Communities

What Digital Media Literacy Day means to Charlotte

Above: A class at the James L. Knight School of Communication at Queens University of Charlotte. Photo credit: Knight Foundation on Flickr. The James L. Knight School of Communication at Queens University of Charlotte is unlike the nation’s other 500 journalism and mass communications programs: We have taken on the role of helping raise the digital media literacy rate in our community.

One of the ways we keep this on the mind of our community is through an annual Digital Media Literacy Day, on which our mayor and county commissioners recognize the importance of digital media skills in 21st century America.

Today, on the second annual Digital Media Literacy Day, the Knight School is partnering with Ashley Park Elementary School, the Charlotte-Mecklenburg school district, One Laptop Per Child, Mobile Beacon and EveryoneOn to provide digital access and support for parents and Ashley Park students.

Knight School students and faculty are spending the day at Ashley Park with parents, to assess their technology needs. Mobile Beacon is donating 100 modems and is providing free in-home Internet access for the remainder of the school year to participating families. Knight Foundation, in support of Project LIFT, has already paired students with laptop computers designed by One Laptop Per Child.  

In addition, the Knight School has created a Digital Media Literacy Index, the first tool of its kind, to measure Charlotte’s progress. The index provides a measure of digital media literacy competency across the city, but also by ZIP code, ethnicity, age, income, and education levels. It reveals areas of need and opportunity in our efforts to bridge the digital divide.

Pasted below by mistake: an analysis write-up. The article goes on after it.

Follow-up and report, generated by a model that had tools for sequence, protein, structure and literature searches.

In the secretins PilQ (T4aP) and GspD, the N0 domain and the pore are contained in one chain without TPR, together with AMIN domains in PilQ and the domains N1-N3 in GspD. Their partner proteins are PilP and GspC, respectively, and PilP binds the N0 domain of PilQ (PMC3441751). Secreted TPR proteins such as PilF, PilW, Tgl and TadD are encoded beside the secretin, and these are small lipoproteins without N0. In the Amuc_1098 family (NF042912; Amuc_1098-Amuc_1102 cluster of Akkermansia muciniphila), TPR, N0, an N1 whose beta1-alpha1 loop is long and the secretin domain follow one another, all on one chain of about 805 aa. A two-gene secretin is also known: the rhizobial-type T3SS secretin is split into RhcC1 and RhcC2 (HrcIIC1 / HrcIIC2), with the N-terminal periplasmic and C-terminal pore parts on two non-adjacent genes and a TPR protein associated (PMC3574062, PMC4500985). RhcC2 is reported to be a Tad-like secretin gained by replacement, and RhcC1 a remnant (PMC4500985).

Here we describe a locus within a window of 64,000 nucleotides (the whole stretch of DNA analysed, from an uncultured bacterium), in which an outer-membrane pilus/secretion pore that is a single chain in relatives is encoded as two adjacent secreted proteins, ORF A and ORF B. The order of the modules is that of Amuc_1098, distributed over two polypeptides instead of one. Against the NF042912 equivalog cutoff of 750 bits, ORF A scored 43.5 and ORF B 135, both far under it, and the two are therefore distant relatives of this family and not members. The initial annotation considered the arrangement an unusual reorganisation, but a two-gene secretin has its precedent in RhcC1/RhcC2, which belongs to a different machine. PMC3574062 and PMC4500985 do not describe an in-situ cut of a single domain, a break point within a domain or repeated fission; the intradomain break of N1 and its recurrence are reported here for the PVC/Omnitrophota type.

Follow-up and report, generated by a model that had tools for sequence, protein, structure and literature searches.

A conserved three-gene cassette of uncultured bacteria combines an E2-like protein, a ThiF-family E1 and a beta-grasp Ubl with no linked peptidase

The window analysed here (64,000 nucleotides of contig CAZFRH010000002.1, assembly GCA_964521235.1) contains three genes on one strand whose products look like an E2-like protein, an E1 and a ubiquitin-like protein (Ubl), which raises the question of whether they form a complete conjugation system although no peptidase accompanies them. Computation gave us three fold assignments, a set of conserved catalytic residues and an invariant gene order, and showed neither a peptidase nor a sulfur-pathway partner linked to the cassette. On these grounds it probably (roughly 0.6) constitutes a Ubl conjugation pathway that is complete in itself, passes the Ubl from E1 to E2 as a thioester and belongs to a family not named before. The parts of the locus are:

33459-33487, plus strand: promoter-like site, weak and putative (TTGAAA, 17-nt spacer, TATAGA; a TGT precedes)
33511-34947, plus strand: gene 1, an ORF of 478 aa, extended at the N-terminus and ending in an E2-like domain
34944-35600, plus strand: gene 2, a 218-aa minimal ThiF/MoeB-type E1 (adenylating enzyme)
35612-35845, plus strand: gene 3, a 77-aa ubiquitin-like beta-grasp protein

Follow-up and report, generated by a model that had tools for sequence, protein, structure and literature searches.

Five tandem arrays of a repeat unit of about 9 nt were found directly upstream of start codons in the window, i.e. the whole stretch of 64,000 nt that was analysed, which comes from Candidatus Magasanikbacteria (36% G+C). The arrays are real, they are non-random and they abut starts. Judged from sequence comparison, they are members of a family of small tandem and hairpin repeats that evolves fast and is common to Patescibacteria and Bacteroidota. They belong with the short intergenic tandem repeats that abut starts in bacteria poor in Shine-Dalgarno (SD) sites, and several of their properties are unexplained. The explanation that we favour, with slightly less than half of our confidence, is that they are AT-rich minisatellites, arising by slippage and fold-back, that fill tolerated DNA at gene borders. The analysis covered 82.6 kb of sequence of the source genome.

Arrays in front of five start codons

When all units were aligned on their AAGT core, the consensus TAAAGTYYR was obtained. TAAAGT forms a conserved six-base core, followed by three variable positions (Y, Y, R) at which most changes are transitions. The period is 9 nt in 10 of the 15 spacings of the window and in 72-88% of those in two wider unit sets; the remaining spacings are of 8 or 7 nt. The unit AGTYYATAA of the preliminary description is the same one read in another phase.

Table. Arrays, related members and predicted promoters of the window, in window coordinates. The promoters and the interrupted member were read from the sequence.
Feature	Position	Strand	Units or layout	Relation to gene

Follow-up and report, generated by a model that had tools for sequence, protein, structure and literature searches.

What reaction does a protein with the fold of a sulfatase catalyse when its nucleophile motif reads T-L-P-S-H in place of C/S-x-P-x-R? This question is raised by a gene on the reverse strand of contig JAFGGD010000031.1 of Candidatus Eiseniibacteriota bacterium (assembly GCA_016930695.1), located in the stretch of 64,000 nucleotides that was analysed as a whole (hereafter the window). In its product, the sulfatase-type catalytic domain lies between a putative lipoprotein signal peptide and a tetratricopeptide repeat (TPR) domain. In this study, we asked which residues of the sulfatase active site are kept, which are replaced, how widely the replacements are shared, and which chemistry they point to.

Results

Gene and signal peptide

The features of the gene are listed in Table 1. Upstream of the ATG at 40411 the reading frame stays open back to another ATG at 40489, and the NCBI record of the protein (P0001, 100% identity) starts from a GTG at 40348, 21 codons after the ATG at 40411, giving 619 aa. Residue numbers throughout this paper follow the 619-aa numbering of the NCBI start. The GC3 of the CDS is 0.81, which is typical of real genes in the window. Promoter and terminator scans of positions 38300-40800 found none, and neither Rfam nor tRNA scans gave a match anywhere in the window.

The Digital Media Literacy Index looks at the elements of this new literacy – which we break down as the ability to access, share, analyze, evaluate, create, reflect and act using digital media – and rates performance in each area. It can be adapted to score the digital literacy level of any person or group, from a local neighborhood organization to the entire state.

The community surrounding Ashley Park scored the lowest on the Knight School’s Charlotte Index. The neighborhood has the lowest Internet use, contains the highest percentage of adults without a high school degree, and has the highest percentage of households with an annual income less than $40,000. Helping people in Ashley Park learn to drive on the information superhighway and access public information is, we believe, just as important to their success in life as being able to drive a regular car or access public transportation.

Eric Freedman, dean of the Knight School of Communication at Queens University of Charlotte, and Susan Patterson, Charlotte program director at Knight Foundation